I think we can all agree that Microsoft Outlook is so bloated. (All together: How bloated is it?!) Outlook is so bloated, I can't even see my other programs. It's so bloated, my laptop looks like the Goodyear Blimp. It's so bloated, when Captain Ahab saw it, he threw a harpoon at it. It's so bloated, the feature list on the box says, "See other box."
This information manager/email client is powerful, yes, and popular in many businesses, but it also delivers far more features than the vast majority of users need. And have you seen Outlook's settings menus? They're enough to make even the tech-savviest user cry.
If you just want to send and receive email and manage your contacts and calendar, look no further than Mozilla's Thunderbird. Like Firefox, this fast, mature, stable program lets you trick it out with cool add-ons. And to get it, you don't have to buy Microsoft Office--or spend $140 to buy it as a stand-alone product.
If you use the latest version of iTunes (10.6.1 as of this writing) to manage your music library, you're looking at a 73MB bite out of your hard drive (and that's just for the download), as well as a bunch of Apple extras that can impede performance.
DoubleTwist, on the other hand, is a 15MB download. It looks a lot like iTunes, and it can import your iTunes music, videos, playlists, and ratings, and sync with just about any mobile device in your arsenal, including iPhones, iPods, and Android phones and tablets. It even has a wireless option, AirSync, for syncing your Android devices cord-free.
Bloatware: Instant Messaging Programs
REPLACEMENT: Imo Instant MessengerThough a lot of instant messaging now takes place within social-media services like Facebook and Google+, plenty of users still rely on dedicated IM tools such as AIM, Trillian, and Yahoo Instant Messenger. Convenient though they may be, these programs must be installed on your PC, often with extra tools that you don't need or want. Also, they typically run at startup, causing Windows to take that much longer to boot.
The easy fix: Use the Imo service instead. This cross-platform IM service lives inside your browser, so there's nothing to install, nothing to load at startup, and nothing to bog down your PC. Plus, Imo supports every chat service known to man, from AIM to GTalk to Yahoo. And it's free.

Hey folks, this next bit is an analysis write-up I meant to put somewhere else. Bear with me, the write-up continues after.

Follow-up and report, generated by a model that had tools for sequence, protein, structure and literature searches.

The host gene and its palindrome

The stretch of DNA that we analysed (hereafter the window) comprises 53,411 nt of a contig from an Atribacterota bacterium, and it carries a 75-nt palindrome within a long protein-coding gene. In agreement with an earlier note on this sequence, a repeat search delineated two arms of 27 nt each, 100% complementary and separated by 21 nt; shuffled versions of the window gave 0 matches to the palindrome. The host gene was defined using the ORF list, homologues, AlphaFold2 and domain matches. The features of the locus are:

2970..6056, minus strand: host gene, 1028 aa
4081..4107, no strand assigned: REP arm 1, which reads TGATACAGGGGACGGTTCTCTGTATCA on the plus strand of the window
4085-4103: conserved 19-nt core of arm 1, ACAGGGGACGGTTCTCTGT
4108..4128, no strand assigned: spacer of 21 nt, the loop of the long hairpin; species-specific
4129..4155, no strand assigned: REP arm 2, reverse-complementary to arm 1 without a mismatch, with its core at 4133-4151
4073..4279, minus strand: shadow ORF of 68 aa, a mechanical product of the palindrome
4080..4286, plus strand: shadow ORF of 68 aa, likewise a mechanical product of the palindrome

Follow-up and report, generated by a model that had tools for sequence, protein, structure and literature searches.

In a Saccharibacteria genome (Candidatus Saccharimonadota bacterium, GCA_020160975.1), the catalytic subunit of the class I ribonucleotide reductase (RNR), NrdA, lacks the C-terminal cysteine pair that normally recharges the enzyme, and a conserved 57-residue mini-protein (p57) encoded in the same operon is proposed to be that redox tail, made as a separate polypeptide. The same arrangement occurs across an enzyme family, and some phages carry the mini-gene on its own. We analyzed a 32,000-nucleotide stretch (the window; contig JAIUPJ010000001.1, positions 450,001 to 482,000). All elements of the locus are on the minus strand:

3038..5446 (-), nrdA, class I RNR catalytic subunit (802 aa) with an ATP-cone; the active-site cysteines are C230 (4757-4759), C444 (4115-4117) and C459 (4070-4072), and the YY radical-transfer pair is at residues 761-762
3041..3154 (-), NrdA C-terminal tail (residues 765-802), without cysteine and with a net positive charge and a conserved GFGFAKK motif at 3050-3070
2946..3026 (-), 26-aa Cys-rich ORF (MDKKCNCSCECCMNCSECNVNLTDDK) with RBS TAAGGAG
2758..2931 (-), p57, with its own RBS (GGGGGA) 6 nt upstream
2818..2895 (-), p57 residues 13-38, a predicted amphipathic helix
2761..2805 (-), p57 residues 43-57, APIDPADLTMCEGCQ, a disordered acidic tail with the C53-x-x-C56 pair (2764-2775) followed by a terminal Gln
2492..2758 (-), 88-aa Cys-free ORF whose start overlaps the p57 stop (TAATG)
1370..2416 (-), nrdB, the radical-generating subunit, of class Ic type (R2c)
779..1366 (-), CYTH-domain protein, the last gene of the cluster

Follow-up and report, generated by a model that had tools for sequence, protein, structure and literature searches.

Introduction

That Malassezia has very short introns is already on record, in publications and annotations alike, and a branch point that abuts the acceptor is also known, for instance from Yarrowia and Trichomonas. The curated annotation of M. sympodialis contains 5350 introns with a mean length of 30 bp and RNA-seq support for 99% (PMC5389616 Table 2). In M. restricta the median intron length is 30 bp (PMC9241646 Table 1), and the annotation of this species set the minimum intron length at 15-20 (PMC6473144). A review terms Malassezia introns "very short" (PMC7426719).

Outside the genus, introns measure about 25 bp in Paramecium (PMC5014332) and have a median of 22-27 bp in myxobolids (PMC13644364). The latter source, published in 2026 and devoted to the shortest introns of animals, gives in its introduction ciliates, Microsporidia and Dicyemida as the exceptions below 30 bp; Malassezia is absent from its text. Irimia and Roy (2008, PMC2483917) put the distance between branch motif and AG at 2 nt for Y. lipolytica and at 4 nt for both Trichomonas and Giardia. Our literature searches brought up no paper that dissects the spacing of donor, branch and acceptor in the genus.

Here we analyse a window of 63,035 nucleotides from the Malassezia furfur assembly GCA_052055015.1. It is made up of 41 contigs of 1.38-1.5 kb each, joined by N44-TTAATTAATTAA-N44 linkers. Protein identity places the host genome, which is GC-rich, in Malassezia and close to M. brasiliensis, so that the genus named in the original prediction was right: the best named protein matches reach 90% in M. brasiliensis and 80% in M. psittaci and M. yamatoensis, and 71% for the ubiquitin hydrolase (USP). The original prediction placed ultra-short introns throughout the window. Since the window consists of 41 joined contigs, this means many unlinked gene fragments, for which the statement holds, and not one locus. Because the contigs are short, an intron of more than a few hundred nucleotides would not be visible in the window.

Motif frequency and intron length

REPLACEMENT: Zorin OS
The King of Bloatware, of course, is none other than Windows itself. Though Microsoft has made strides in streamlining and accelerating the operating system (Windows 7 does boot fairly quickly on newer PCs), it's still the single biggest drag on your hardware. And let's not forget that Windows invariably slows over time, to the point where even the fastest PC can feel as if it's motoring through molasses.
Linux, on the other hand, has a well-deserved reputation for being compact, nimble, and consistent. Most Linux "distributions" (that is, versions--of which there are many) come with everything you might need--a Web browser, an office suite, a media manager, a mail client, and so on. But they run on minimal hardware and require surprisingly little space.
I'm a fan of Zorin OS, which comes closest to re-creating the Windows look and feel while still retaining Linux's speed and stability. Like most Linux distributions, it's free, and it requires just 3GB of drive space. Take it for a test drive on an older PC; you might discover that it's all the operating system you need.